“Israel needs to come to terms with legitimate popular demands, such as creating an independent Palestinian state, stop settlement activities in the occupied land and show its commitment to non-belligerent orientation in the region,” he says.
For their part, Israeli officials have stressed that they have made generous proposals for peace with the Palestinians over the years, notably at the Camp David peace talks in 2000 and again in 2008 with a detailed proposal by then Prime Minister Ehud Olmert. In each case, Israeli officials say, their proposals were rejected without counter-proposals from the Palestinian side.
Another factor blocking progress toward a peace settlement, Israeli officials cite, is the 2007 takeover of the Gaza Strip by Hamas, which is considered a terrorist organization by Israel, the United States and many Western countries. Since then, Hamas fighters have periodically shelled nearby Israeli settlements and towns with rocket fire.
Cold peace gets colder
Though the failure to reach an Israeli-Palestinian peace accord may have been a factor in Israel’s relations with Egypt, this year’s so-called “Arab Spring” revolutions have increased the tensions.
Since the start of the Egyptian popular uprising in Tahrir Square, no one has dared to predict which way the relationship between Cairo and Jerusalem will veer. But Nir noted that the reason why the peace between Israel and Egypt was considered cold was the nature of the dynamics surrounding the Camp David Accords which, he said, were never really embraced by the Egyptian citizenry. However, Egyptian -Israeli relations have experienced numerous highs and lows since the signing of the Camp David Accords, depending upon regional events.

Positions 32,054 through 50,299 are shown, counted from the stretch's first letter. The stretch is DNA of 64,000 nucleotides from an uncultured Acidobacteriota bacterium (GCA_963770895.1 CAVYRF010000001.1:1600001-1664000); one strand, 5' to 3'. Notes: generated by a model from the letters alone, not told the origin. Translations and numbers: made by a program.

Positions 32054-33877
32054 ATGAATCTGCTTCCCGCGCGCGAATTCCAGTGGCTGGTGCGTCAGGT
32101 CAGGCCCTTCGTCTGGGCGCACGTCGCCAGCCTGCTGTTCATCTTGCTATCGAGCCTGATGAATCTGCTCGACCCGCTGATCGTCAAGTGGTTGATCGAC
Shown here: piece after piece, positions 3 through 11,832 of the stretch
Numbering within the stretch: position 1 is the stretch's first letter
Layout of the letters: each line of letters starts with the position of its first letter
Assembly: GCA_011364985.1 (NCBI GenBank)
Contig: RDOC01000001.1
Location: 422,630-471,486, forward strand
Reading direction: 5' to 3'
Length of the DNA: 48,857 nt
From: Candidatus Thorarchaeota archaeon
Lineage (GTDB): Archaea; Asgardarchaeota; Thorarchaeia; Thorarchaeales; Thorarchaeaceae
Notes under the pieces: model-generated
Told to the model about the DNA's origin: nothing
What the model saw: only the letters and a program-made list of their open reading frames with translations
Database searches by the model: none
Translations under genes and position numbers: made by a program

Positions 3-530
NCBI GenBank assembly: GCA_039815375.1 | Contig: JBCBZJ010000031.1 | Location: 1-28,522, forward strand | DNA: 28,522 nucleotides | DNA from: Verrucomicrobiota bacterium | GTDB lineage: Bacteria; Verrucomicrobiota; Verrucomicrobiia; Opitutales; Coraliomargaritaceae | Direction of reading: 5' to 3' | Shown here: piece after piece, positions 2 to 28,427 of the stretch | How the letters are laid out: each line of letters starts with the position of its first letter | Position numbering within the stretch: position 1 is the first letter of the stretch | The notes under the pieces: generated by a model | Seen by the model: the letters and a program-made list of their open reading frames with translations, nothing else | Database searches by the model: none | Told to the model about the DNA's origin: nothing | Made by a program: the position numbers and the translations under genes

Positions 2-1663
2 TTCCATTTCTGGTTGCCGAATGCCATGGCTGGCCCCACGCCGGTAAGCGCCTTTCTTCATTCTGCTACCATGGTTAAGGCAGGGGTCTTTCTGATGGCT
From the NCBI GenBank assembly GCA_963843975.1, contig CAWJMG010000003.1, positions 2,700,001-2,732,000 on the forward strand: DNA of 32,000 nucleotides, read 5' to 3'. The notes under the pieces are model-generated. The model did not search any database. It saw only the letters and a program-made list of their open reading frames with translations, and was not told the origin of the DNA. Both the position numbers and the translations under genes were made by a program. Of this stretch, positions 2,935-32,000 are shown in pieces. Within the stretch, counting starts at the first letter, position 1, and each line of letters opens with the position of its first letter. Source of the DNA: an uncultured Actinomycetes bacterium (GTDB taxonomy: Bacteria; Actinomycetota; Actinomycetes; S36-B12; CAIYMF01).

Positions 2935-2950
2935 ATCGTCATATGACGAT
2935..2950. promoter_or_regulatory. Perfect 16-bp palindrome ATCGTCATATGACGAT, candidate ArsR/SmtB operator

Contrary to Nir’s assertion that Egyptians never embraced the accords, the data in the Newsweek/Daily Beast poll state that only 23 percent would support an outright repeal of the treaty. Even at a time of heightened tensions and a moribund peace process with Palestinians, the data suggests Egyptians may still see some value in preserving elements of the accord that have kept the two sides from war for decades.Nir also believes that an early push on the Palestinian issue, particularly by the U.S., could have helped avert regional tensions in general.
“The U.S. should have been much more proactive in resuming the peace process during the past year or so,” Nir said. “It should have been much more proactive to find an alternative to the Palestinian action at the U.N., which would have created a foundation for reliable negotiations between Israel and the Palestinians and indeed a better regional atmosphere.”
Satloff said he does not anticipate the Egyptians going to war with Israel, but cannot rule out problems down the road. “I do not think this relationship in a ‘no-peace, no-war’ situation is sustainable, there will be a potential natural drift toward conflict,” Satloff said.
Satloff added he called on President Obama to intervene personally to preserve the Camp David Accords.
”Everything America has accomplished in the Middle East during the last 30 years has been built on the foundations of the Camp David Accords, and the transformation of Egypt from Soviet client to American ally. If that foundation collapses, much of America’s standing in the region collapses as well,” said Satloff.